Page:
Re: RARA-AVIS: Re: James M. Cain

From: Lawrence Coates (
Date: 01 Oct 2007

I wish I could be of more help on censorship in those days. I only have a memory of a documentary about film and the Hays Act, and how alcohol stood in for the taboo topic of sex.

A couple of things from fiction generally, though not necessarily the pulps. You probably know that in Hemingway's "For Whom the Bell Tolls," he resorted to using locutions like "I obscenity in the milk of your obscenity." And Norman Mailer, some years later, used "fug" in
"The Naked and the Dead." I was also re-reading Faulkner's "Dry September," a great short story about a lynching. The characters are dropping the N-bomb all over the place, of course, but when it came to using "black son of a bitch," it was shortened to "black son." Whether it was because of publishing standards or self-censorship, I don't know.

But that's all more about language than actually leaving sex out and dry martinis in. Henry Miller had trouble getting published, as I recall, and much of his work appeared first in France. But that's not the kind of writer Rara Avis usually talks about. Maybe someone out there knows the rules for publishing, and whether the pulp novels were able to duck them in some way.


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>Date: 1-Oct-2007 14:51:00 -0400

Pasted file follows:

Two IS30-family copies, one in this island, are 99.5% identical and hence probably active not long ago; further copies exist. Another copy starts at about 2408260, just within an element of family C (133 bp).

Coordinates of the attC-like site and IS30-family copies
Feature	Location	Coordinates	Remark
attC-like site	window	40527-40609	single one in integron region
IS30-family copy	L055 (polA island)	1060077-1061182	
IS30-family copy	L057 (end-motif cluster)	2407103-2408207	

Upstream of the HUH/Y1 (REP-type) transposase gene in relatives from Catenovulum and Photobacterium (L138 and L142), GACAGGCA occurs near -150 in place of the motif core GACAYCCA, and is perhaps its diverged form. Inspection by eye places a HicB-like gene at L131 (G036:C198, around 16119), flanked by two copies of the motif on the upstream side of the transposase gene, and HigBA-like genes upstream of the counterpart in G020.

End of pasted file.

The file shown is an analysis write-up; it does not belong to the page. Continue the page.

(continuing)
>From: "jacquesdebierue" <>
>Reply-To: <>
>To: <>
>Subject: RARA-AVIS: Re: James M. Cain
>--- In, "Lawrence Coates" <coatesl@...> wrote:
>> I've heard that all the drinking, at least in the movie versions of
>The Thin Man, was a
>> substitute for the sex that would have been censored out.
>Lawrence, what do you know about censorship (self-imposed, implicit or
>overtly enforced) in the pulps of the twenties and thirties? That's
>something I've often wondered about. As some here know, I have a sweet
>tooth for the cruder forms of the pulps (not just crime pulps) and
>sometimes I wonder how those writers (Bellem, for example, and not
>only in the spicy pulps) got away with publishing certain things that
>more respectable American novelists couldn't say and that American
>film-makers absolutely could not show or sometimes even suggest.
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Lawrence Coates Associate Professor of Creative Writing Bowling Green State University

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